Published on 04-02-2018
Seasonal allergies affect many people every day and may impact their lives profoundly, from itchy eyes to sneezing, stuffy nose, to swelling of the face and throat in extreme cases. Many people that I know, relatives and friends, are under medical treatment for seasonal allergies and have been taking daily allergy medications for years, and some have been even receiving monthly allergy injections. For some of these people, medication and injections have been helping but generally the help seems temporary. Will these patients have to take medication and get injections for rest of their life, or is there a better way to treat this issue? Is there a way to decrease the use of seasonal allergy medications?
According to the Asthma and Allergy Foundation of America, nasal allergies affect 50 million Americans and is the sixth leading cause of illness in the US. Allergies affect 30% of adults and 40% of children and the annual cost is about $18 billion. Sinus swelling, seasonal and returning allergies, hay fever and nasal allergies are common symptoms. Trees, grass and weed pollen, dust spores, and mold are the most common triggers.
Nasal allergies occur when allergens (allergy-causing particles) such as pet dander, dust mites, mold, tree pollen, and grass and weeds pollen travel through the air and enter our bodies through the nose and trigger a response from our immune system. When this happens, inflammatory substances such as histamine, prostaglandins, cytokines, tryptase, chemokines, and leukotrienes are released causing allergic symptoms such as a runny nose, nasal congestion, sneezing and itchy nose, itchy eyes and watery eyes.
In an acupuncture study done in Germany, data were analyzed from 414 seasonal allergic rhinitis patients who were randomized into three study groups: rescue medication (RM), acupuncture and RM, sham acupuncture and RM. Rescue medication was offered as an option on an as needed basis to all groups. For medication they were allowed 20 mg of the second-generation oral antihistamine Cetirizine. In the study, the acupuncture group received 12 sessions of semi-standardized acupuncture, and the sham acupuncture group received 12 sessions of sham acupuncture sessions where acupuncture points locations were moved 1 cm to 1.5 cm from the true acupuncture points.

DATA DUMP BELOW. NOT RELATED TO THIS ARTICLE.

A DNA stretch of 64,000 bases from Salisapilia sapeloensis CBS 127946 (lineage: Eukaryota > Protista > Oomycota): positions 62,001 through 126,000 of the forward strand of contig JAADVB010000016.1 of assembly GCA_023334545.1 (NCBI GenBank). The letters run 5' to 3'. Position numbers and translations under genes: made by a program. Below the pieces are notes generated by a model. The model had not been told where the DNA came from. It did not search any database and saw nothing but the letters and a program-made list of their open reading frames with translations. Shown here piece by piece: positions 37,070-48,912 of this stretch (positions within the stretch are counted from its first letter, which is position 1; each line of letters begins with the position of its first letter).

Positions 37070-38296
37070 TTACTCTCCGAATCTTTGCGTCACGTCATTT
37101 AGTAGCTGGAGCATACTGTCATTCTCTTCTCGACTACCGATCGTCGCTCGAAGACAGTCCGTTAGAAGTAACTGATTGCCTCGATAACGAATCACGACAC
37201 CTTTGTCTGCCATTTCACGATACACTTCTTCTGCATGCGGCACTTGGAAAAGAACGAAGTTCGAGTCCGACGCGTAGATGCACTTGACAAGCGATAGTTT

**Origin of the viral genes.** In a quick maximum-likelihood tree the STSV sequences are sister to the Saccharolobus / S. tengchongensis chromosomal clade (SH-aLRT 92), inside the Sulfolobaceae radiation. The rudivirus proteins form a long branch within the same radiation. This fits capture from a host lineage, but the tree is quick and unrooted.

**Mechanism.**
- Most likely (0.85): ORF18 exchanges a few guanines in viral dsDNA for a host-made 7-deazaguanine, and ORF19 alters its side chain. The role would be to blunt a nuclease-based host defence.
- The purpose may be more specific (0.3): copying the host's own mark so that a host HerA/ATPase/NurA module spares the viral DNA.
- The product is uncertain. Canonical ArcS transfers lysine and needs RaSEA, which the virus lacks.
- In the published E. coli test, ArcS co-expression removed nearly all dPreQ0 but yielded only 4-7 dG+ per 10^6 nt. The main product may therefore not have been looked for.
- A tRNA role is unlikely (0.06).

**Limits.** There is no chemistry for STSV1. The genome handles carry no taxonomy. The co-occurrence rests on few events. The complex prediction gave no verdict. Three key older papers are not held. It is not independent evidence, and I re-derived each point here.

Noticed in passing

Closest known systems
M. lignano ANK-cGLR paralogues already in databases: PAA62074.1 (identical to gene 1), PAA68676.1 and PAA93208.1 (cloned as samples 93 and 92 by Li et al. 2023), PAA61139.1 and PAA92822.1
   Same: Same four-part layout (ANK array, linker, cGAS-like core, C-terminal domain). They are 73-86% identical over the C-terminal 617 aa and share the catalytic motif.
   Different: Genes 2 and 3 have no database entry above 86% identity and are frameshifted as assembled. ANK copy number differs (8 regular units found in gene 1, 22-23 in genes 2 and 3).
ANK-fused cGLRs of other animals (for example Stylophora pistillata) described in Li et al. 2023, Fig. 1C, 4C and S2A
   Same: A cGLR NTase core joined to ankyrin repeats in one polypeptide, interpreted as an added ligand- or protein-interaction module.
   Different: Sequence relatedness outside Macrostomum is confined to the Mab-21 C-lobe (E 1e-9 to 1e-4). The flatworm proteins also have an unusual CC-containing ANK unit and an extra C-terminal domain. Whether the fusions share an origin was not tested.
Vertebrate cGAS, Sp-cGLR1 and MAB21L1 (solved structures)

All acupuncture, true and sham, was done by trained physicians (MDs) who had additional extensive training in acupuncture. The acupuncture group received four obligatory basic acupuncture points: bilateral LI 4, LI 11, LI 20, and Yintang; and at least three out of eight supporting basic points: Bitong, GB 20, LV 3, LU 7, ST 36, SP 6, TH 17, or UB 13; and at least three additional points. When comparing all three groups, the acupuncture group had a lot fewer days of antihistamine use and 38% of the acupuncture group didn’t need any medication at all.
In conclusion, acupuncture is an effective therapy for the treatment of seasonal allergies and is likely to decrease the use of allergy medications. In fact a previous study we wrote about found "acupuncture superior to claritin".
Even where medications are still required, most often appropriately prescribed Chinese herbal medicine can take the place of it. Besides similar symptomatic relief, using herbal medicine besides western medicine will generally lead to an overall reduction in the need for any treatment, whereas the western medicines tend towards management of symptoms. This is because both acupuncture and herbal medicine are more focused on calming the hyperarousal of the immune system permanently, rather than focusing on symptoms alone. A previous article "self-help for allergies" discusses herbal possibilities as well as some helpful acupressure points and our allergy treatment section has more theoretical details as well as acupuncture protocols for allergies.
Generally, properly prescribed Chinese herbal medicines have no side effects where western medications often have some and at times even have detrimental side effects. And while many of the Chinese herbal formulas have been used for many hundreds of years, if not longer, many western medications have not been used for even a single generation. This is important as long term effects are not often found out until they are widespread in a population.
One such recent discovery or link, was discussed in an article published by Harvard Medical School. Within, the author reports that research has found a a strong link between long-term use of anticholinergic medications, such as, diphenhydramine (Benadryl), and the development of dementia. Anticholinergic drugs block acetylcholine, the substance that transmits messages to the nervous system and brain, and the referenced study noted a 54% increased risk for dementia in patients that used these drugs for three years or more when compared to patients that used the same dose for three months or less. While there are many benefits of modern western medicine, working -with- the body to enhance the bodies own responses is arguably not one of them. For seasonal allergies acupuncture and properly prescribed herbal medicines should strongly considered.
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